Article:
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6 Things you didn’t know about Delhi

Delhi Darshan: The History and Monuments of India’s Capital by Giles Tillotson provides a fascinating account of Delhi’s built heritage, from the traces of the earliest settlements at Indraprastha, through the grand legacies of the Delhi Sultans and the great Mughals to the ordered symmetries of Lutyens’ Delhi and the towering skyscrapers of Gurgaon.

We learn some interesting facts about the capital from this book. Here are 6 things you didn’t know about Delhi: 


What’s in a name? The origin of the name is a point of contention. 

“Some historians interpret it to mean ‘threshold’, marking it as the point of entry into India for conquerors from the other side of the Hindu Kush.”


Is there a link between Delhi and the Pandavas?

“There is, to begin with, a strong and long-standing tradition that associates Delhi with Indraprastha, the capital of the Pandavas, heroes of the national epic, the Mahabharata.”


In 1296, Alauddin Khalji helped expand and create the second city of Delhi 

Early in his reign he moved his base to his army camp, situated at Siri, outside the city to the north-east. He had a protective stone wall erected around it, thus creating what has come to be called the second city of Delhi…Alauddin’s new city was serviced by a vast stone reservoir, the Hauz Khas, which was built outside its walls, to the west.”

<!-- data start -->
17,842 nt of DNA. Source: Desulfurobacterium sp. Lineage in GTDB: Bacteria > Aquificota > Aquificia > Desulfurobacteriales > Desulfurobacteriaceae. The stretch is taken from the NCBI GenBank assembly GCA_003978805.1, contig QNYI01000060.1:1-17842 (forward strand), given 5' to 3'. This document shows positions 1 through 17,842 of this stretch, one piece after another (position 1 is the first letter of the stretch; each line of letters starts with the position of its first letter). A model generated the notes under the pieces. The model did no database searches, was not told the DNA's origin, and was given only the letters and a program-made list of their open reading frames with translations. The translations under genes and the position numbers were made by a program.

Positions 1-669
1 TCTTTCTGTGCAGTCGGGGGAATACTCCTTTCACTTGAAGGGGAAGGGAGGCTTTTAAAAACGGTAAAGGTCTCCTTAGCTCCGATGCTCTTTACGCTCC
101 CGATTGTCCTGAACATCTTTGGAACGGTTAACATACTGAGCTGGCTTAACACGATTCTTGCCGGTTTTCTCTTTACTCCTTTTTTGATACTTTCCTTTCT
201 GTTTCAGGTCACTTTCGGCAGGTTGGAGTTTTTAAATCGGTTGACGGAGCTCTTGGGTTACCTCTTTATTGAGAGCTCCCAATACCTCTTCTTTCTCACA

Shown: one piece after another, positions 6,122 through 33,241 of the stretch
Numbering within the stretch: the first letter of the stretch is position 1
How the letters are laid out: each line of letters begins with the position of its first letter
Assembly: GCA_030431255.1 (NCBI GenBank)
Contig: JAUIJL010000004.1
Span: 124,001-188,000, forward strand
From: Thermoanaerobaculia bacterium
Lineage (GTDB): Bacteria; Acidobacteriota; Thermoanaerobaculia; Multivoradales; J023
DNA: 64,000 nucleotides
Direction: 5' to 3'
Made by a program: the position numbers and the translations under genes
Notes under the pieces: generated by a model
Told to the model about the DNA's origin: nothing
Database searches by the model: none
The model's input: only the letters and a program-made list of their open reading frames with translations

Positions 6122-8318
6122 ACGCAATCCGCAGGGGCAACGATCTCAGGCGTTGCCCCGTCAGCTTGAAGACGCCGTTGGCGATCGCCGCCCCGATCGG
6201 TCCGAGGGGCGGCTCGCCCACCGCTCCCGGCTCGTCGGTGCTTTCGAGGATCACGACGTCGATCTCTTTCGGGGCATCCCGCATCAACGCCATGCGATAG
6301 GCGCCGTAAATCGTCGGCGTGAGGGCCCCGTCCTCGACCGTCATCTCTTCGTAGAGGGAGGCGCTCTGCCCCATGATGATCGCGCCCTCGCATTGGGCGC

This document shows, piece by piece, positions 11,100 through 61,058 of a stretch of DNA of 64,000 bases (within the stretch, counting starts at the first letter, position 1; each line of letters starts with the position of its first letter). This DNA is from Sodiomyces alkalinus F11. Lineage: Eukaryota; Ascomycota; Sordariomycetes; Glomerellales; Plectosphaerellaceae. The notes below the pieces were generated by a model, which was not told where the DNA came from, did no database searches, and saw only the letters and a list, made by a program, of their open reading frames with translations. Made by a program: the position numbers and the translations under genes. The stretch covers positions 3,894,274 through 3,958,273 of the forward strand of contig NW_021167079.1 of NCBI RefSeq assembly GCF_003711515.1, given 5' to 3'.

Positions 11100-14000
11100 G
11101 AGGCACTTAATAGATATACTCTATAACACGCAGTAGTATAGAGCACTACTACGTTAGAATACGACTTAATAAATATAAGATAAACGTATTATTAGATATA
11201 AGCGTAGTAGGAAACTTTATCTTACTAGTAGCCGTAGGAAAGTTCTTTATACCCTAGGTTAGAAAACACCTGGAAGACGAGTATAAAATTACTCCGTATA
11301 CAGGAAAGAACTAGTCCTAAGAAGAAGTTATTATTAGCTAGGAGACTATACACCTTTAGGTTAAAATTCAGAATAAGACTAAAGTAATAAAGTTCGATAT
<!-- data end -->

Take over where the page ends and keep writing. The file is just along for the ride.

Alauddin Khalji’s son and successor was very different from his father 

“Some accounts suggest that he(Alauddin’s son) liked to amuse his friends by dressing up and performing as a dancing girl. His favourite companion was a Hindu convert who went by the name of Khusrau Khan, by whom he was eventually murdered.”


Wine lovers in Delhi couldn’t get their hands on the drink during Muhammad bin Tughluq’s reign 

“He(Muhammad bin Tughluq) abjured wine so strictly that it was simply not possible to buy it in Delhi during his reign.”


Lodhi Garden- the gateway? 

“A learned argument has long festered over the most central and conspicuous of the park’s(Lodhi Gardens) buildings, known as the Bara Gumbad. The question is whether it was originally intended as a tomb or as a gateway.”

Delhi Darshan: The History and Monuments of India’s Capital is filled with quirky details and original insights, as well as a section on important monuments. The book is AVAILABLE NOW!

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